Introduction to Stats.

| January 27, 2016

1) Define the terms “population”, “sample,”

“parameter,” and “statistic,” and explain

how the terms are related to each other.

2) Define the concept of “sampling error.”

Mention “statistics” and “parameter”

in your answer.

3) Explain the difference between descriptive and inferential statistics.

4) Name the independent and the dependent variables in each of the examples below:

A researcher reports that people who survived one heart attack and were given daily doses of aspirin were significantly less likely to suffer a second heart attack than survivors who did not take aspirin.

A recent report concludes that participants on an exercise regimen of running two miles each day had a lower percentage of body fat than participants on no exercise program.

A researcher studying the effects of environment on mood asks participants to sit alone in a waiting room for 15 minutes at the beginning of an experiment. Half of the individuals are assigned to a room with dark blue walls. The other half are assigned to a room with bright yellow walls. After 15 minutes each person is brought to the lab and given a mood assessment questionnaire.

5) Using the following data set, perform the functions below:

X Y

3 -2

4 6

5 7

2 1

a) SX

b) SY + 2

c) SXY

d)SX2

e) (SY)2

f) N

6) Dr. Jones conducted a study examining the relationship between the quality of breakfast and academic performance for a sample of n = 20 first-grade students. The quality of breakfast was determined by interviewing each child’s parents, and academic performance was measured by each child’s most recent grades. Is this an example of a correlational or an experimental study? Explain your answer.

7) The Health Study of Nord-TrÇ¿ndelag County of Norway (HUNT) surveyed more than 60,000 people in a Norwegian county and reported that “people who have gastrointestinal symptoms, such as nausea, are more likely to have anxiety disorders or depression than people who do not have such symptoms.”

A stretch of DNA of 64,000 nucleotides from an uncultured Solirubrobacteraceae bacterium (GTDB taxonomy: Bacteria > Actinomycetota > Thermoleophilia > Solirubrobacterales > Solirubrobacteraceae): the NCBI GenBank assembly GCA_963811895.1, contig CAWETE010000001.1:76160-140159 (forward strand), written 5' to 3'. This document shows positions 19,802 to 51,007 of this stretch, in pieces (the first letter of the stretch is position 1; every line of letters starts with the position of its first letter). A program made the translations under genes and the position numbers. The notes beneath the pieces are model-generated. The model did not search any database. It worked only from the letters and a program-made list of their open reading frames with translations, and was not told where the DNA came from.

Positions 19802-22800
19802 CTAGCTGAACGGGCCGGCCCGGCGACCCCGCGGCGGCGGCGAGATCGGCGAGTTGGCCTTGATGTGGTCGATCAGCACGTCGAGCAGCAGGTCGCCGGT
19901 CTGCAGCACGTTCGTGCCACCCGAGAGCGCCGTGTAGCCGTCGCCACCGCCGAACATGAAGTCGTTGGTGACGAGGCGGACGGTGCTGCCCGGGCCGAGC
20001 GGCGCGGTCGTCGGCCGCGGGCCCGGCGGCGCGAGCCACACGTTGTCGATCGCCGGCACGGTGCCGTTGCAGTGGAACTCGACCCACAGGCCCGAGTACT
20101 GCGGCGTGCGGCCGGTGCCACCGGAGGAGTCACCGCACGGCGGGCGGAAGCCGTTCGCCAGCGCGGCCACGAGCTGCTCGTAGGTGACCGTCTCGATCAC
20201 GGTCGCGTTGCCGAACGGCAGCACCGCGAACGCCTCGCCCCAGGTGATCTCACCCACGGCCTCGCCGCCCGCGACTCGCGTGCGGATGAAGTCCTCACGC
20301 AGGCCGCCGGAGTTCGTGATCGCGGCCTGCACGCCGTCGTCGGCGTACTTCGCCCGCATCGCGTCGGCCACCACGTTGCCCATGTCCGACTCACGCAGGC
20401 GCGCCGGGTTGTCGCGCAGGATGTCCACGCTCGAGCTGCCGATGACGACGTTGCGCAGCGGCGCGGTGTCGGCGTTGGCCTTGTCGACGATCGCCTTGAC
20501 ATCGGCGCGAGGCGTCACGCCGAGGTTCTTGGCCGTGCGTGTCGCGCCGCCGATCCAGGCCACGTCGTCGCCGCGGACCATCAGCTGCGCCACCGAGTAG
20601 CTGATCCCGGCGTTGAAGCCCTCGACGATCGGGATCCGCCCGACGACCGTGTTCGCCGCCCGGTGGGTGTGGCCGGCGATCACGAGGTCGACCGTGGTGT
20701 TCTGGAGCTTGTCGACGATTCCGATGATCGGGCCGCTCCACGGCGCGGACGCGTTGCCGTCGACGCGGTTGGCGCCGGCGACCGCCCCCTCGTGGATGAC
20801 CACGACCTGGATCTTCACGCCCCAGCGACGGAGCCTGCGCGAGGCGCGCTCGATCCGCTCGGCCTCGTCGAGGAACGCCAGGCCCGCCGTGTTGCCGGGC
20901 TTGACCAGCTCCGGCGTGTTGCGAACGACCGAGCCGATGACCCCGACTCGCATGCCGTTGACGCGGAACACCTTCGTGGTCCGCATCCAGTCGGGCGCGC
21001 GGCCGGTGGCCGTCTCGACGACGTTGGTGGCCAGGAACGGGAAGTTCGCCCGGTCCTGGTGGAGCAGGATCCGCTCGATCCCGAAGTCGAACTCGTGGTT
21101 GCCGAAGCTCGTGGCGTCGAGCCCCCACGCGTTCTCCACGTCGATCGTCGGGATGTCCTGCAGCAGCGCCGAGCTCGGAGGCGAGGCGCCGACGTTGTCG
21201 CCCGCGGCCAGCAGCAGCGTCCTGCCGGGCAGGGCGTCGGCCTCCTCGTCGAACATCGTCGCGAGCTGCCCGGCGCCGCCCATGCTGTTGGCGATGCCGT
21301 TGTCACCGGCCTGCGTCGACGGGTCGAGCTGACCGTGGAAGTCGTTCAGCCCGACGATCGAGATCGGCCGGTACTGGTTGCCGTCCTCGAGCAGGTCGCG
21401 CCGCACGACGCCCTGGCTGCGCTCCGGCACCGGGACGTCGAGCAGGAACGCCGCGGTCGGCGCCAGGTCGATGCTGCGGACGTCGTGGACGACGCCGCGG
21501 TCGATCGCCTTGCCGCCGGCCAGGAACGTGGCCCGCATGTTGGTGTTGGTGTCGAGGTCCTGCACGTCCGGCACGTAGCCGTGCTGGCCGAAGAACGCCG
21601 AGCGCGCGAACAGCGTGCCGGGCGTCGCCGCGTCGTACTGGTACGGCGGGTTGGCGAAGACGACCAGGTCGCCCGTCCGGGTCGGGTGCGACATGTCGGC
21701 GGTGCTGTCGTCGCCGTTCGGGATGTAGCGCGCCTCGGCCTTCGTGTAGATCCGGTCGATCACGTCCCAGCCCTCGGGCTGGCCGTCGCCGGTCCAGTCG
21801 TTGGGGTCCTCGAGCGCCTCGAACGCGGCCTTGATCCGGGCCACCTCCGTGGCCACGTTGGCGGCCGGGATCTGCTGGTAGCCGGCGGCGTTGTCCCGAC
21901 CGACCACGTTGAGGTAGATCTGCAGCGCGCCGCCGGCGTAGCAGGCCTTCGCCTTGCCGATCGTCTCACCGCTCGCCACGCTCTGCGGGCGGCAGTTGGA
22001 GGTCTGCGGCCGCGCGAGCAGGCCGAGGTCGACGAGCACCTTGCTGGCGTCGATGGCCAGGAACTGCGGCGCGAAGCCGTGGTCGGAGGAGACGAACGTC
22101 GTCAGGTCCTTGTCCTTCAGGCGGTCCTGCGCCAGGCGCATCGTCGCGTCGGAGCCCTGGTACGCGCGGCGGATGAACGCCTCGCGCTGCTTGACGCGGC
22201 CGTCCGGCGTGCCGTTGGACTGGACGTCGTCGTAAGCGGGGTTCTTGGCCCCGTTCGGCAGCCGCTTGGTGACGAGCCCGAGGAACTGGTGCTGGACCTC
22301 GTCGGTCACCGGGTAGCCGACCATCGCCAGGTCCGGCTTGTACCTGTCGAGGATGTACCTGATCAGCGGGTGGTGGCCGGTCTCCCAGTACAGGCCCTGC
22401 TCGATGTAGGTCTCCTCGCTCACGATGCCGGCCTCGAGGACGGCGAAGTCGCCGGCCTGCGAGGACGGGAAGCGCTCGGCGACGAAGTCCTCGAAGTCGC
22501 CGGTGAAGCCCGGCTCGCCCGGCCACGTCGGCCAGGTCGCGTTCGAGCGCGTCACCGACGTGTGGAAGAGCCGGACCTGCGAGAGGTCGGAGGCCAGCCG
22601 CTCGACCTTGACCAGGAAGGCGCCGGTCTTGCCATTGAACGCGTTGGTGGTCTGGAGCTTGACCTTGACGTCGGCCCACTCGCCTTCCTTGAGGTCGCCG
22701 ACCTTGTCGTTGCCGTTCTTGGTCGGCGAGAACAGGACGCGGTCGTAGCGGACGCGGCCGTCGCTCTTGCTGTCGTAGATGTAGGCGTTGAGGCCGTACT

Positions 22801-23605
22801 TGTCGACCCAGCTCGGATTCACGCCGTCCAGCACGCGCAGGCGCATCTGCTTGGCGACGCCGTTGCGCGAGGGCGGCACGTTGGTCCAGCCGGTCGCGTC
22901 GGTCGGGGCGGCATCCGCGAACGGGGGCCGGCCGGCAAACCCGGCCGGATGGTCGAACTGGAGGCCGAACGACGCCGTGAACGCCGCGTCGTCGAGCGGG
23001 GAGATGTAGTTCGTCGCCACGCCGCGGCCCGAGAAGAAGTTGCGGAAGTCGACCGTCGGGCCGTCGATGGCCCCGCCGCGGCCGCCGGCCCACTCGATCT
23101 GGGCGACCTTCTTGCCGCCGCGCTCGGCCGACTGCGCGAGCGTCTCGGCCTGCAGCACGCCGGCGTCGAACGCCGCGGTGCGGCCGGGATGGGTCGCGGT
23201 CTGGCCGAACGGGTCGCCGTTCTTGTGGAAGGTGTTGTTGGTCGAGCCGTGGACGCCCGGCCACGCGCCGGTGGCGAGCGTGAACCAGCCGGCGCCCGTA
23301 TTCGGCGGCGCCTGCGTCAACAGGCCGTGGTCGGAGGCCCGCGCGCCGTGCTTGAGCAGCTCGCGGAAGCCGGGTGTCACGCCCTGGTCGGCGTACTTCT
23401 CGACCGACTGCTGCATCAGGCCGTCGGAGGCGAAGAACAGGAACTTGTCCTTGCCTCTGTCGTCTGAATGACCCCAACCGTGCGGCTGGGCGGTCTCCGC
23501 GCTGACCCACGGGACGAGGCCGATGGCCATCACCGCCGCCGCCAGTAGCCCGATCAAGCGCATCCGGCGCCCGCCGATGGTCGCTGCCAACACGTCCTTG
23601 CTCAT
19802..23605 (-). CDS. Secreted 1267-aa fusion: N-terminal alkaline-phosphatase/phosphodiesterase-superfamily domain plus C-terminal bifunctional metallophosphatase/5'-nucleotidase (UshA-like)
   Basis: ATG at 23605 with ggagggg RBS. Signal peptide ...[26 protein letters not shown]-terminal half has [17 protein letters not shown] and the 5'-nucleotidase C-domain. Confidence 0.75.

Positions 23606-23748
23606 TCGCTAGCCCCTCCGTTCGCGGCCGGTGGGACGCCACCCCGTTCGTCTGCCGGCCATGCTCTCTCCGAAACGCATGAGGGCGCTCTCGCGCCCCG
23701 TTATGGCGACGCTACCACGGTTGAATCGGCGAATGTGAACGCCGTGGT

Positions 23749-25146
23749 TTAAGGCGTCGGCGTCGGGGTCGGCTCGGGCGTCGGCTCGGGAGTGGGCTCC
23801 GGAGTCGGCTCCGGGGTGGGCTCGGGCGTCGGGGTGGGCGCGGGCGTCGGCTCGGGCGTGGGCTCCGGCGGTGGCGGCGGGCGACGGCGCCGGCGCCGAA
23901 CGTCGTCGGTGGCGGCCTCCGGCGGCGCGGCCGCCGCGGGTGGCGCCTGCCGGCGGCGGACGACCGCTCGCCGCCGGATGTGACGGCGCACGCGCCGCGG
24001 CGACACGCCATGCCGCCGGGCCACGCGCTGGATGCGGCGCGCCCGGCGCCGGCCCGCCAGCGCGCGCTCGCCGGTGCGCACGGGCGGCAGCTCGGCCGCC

To what population do these findings generalize? (Choose one: Norway, the County, 60,000 people, or people with G.I. symptoms.) Explain your answer.

8) Using the following data set (X), perform the functions below: 1, 5, 0, 4

a) SX

b) SX2

c) S(X+1)

d) SX/N

9) Discrete variables do not make sense in fractions (such as # of children!). For each of the following examples state whether the variable is discrete or continuous.

The capacity, in terms of songs, of an MP3 player

The playing time of the songs

The number of posted reviews that a CD has on Amazon.com

The weight of MP3 players

Name another variable to describe MP3 players, and state whether it is discrete or continuous.

List one song in your MP3 player.

10) For each of the following examples regarding the Kentucky Derby, identify the scale of measurement identified in the underlined variables. The variable is named for you in parentheses.:

Age……..The Kentucky Derby is a stakes race for three-year-old Thoroughbred horses.

Weight……Colts and geldings carry 126 pounds (57.2 kg) and fillies 21 pounds (54.9 kg).

Order/yr……The first Kentucky Derby was run in 1875.

#races………The Kentucky Derby has been run 135 times.

Zip code……..The zip code for Churchill Downs (the Kentucky Derby racetrack) is 40208.

#people………10,000 people attended the first race.

Order……In 2005, Giacomo placed first, Closing Argument placed second, and Afleet Alex came in third.

Time, sec…..Giacomo won in 2 minutes, 2.75 seconds.

clock…..In 2009, the race started at 6:04 p.m.

Money……A dollar bet on Giacomo paid $51.30.

Ethnicity….Of the first 28 Kentucky Derby winners, 15 of them were ridden by African American jockeys.

Gender…..Three fillies have won the Kentucky Derby. The others were all colts or geldings.

Money…..In 2008, Big Brown won the Derby. His winnings totaled $2,000,000.

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Category: Essay

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